The stickers are off and the typing tests are over. My coworkers have stopped teasing me. I feel like I have defeated the level of typing speed I surrendered when I decided to switch from QWERTY to Colemak three months ago. Plus, I've achieved a competency in touch typing and another special snowflake badge. I'll use this post to catalog some takeaways, anecdotes, and ponder my next steps in the quest for efficiency. -Me, 3 months ago
I have a history of bad habits and stubbornness about them. I have held my pen incorrectly since the age of six and I can't read the journals I've kept by hand for ten years. No teacher's compassion could save me from the benign doom that is sloppy handwriting. I am inexplicably slow at tying my shoes. I bite my nails on occaision to the point of an inability to use my fingers. However nothing has cut into my efficiency as a denizen of the 21st century and a developer as my slowness at typing. It was probably a combination of early access to computers and no formal typing classes, but all the way up to my early adulthood I had been effectively a four finger typer. I simply could not break out of the habit. It simply worked well enough. Yet as I dove deep into efficiency hacks and keyboard shortcuts, I realized I should do something stupid and drastic. I switched off QWERTY.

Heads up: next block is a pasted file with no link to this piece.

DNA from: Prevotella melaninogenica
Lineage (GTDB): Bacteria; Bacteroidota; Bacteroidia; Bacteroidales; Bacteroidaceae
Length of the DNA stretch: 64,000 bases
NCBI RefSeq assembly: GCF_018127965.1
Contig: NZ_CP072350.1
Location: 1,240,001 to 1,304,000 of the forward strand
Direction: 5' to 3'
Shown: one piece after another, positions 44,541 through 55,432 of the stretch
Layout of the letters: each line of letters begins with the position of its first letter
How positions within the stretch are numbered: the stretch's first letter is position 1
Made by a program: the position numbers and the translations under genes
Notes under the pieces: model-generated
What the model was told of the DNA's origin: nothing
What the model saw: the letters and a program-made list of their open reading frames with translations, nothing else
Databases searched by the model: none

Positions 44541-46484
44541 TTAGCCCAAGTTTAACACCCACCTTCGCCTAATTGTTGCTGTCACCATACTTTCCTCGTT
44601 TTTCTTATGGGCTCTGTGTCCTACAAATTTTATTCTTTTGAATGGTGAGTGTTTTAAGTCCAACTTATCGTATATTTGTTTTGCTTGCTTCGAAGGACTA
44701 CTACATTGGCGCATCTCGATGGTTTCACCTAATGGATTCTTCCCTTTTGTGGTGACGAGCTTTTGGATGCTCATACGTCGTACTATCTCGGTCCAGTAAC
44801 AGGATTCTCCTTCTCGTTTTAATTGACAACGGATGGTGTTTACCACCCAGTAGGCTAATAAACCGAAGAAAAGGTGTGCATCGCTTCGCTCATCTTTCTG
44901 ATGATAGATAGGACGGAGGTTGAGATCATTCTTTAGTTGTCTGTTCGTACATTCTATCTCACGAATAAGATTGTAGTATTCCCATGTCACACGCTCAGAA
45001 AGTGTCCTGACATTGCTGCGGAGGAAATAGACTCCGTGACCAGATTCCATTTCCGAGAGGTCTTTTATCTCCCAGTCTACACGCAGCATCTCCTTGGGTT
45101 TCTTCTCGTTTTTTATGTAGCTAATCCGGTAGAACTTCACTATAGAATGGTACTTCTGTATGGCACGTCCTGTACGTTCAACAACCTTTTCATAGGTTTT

What would be the logical conclusion? DVORAK? Nay, that is far too well supported in modern operating systems. Colemak was my choice. I can't quite remember why, but I thought the layout made good sense so I went for it. And I really tried this time. I tried much harder than I did in elementary school, when the bad habits of my early computer experiences had made any correction from fun online flash games completely moot. This time I obeyed the finger patterns and even mapped my Caps Lock to Backspace (more on this later.) However, despite my progress, I seemed to be slower overall than when I was pecking QWERTY. Even as I made progress, I thought to myself that I would switch back to QWERTY as soon as I completely forgot it so I could properly retrain myself.I would like to thank my patient coworkers at Kroger Digital who watched me, grimacing, as I put label-made stickers over my keys and went through hourly keyboard exercises from the wonderful Learn Colemak website I had to switch back to QWERTY for emergencies, but I stuck to the new mapping. It's now been about half a year since I first switched over and I am marginally faster on Colemak and absolutely sluggish on QWERTY keyboards. My girlfriend sighs as I hunt and poke on her fancy mechanical keyboard. But I think I'm going to stick with Colemak. I feel that despite the social detractions of being on a different keyboard layout, remapping a million keys on every new non-Linux system, and some occaisional strain, I have achieved a respectable level of typing proficiency and I can totally focus entirely on whatever needs to consume my attention.